Monday, 13 July 2009

Nostalgia, Ephemera and Aeronautica



I said I'd share some more stuff from my wee collection of information on the Handley Page biplanes that used to ply the pioneering route from Croydon to Australia in the 1930s. There's more info here and here and a fantastic video of Sharjah airport (Kalba, incidentally, was the location of the 'backup' air strip and therefore posessing a greater importance in the 1937 scheme of things than, sleepy little town that it is, it does now) as it was back in the days of Empires, tally-hoes and people whacking the ball long and straight, dont'cha know.


This is the plane itself. These used to land at Sharjah in Oman (from Basra via 'Koweit and Bahrein) on the way through to Gwadar in Baluchistan. Let's just take the [sic]s as read. With 36 seats (and TWO toilets - you listening EK? A bog for every 18 pax!) and a bar, the planes were luxuriously decked out in mahogany and the like. It must have been a gut-wrenching ride.

The planes' engines had to be completely overhauled overnight at Sharjah, where guests were put up at the Mahatta Fort, a remote outpost (the fort was built for Imperial Airways by the ruler, who also provided a guard) containing three stir-crazy Brits and assorted staff. The met report used to be done by flying a light bulb up on a balloon to measure the wind.




This is the 1936 timetable. Arab readers might like to note where Gaza is located. Have a think about these journey times! Given that the 7 hours to Heathrow gives me mild shudders, this trip must have been a complete joy and let us not forget that these planes flew low, had no weather radar, no stabilisers and had wings made out of stretched canvas. Oh! And when you get to Shar-Jar, there's no AC. Let alone Gwadar and the others!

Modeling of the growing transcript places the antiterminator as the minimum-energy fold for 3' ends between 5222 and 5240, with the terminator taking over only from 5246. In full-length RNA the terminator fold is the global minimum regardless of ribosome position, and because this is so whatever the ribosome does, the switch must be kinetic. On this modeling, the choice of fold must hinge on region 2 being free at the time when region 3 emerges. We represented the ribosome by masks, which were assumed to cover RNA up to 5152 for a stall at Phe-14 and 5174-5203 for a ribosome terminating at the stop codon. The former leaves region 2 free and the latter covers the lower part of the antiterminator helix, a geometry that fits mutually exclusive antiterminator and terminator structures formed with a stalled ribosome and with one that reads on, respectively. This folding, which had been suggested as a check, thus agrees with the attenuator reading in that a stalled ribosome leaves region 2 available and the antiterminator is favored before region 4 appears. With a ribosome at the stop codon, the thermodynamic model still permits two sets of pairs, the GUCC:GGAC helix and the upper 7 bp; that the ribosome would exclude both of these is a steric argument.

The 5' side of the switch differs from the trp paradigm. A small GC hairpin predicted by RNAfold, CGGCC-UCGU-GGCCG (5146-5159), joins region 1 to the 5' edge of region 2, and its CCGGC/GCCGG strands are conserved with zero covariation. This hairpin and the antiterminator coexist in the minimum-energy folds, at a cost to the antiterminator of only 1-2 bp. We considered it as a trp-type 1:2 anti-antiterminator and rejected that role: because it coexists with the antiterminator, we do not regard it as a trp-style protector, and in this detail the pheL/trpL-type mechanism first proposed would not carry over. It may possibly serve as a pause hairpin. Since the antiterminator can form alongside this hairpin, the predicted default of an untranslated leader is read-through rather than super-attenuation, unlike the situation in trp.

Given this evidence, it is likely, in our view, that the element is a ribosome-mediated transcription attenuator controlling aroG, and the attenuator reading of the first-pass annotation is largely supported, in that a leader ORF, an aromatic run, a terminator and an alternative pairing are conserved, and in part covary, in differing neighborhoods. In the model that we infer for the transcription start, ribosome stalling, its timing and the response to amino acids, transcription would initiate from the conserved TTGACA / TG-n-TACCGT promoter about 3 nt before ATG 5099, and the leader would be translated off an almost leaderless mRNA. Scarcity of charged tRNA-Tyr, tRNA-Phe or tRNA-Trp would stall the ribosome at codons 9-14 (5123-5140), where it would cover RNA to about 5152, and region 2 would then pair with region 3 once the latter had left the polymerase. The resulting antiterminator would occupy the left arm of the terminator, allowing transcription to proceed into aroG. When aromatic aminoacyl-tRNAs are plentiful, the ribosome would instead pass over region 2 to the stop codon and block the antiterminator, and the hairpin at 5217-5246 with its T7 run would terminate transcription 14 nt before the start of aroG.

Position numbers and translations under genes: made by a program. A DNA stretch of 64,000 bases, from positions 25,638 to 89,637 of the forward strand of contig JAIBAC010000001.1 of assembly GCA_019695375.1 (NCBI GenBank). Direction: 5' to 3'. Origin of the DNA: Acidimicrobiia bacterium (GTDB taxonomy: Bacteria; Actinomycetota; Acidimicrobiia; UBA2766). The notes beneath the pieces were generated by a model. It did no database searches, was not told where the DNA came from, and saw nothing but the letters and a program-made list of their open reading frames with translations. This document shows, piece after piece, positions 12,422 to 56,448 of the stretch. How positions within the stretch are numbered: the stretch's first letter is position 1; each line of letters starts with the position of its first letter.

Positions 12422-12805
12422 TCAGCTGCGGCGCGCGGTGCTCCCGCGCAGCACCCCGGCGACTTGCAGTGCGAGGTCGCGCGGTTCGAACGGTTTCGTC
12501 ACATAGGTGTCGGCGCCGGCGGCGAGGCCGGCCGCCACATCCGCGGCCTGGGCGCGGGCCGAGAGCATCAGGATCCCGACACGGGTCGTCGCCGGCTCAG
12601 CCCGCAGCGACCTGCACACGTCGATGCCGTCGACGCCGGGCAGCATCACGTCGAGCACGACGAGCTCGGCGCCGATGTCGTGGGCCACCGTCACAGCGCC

Mind you, if you think the hack to Sharjah's bad (4 overnights, including a train journey from Paris to Brindisi), it's a 14-day, 12 night flight to Brisbane!

Perhaps interestingly, my information is out of whack with the info on Wikipedia - it is my strong understanding that one of the HP42 series 'planes was lost at sea in the late 1930s in the Indian Ocean, while Wikipedia says only one was ever lost to a hangar fire in the UK. Hmm...

I also have a set of 1938 timetables and if anyone's interested in better quality scans that aren't quite so JPEGed, do just drop me a DM on Twitter or a mail at the usual address. I collected all this stuff because of an abiding fascination with Mahattah (which is, after all, on my doorstep) and the idea that one day I'll get a novel out of this lot...

If anyone owns copyrights to these, I'm not aware of them so please do let me know and I'll arrange appropriate attributions or whatever.

1 comment:

the real nick said...

You have got hidden talents! And I thought you were only a media anorak...

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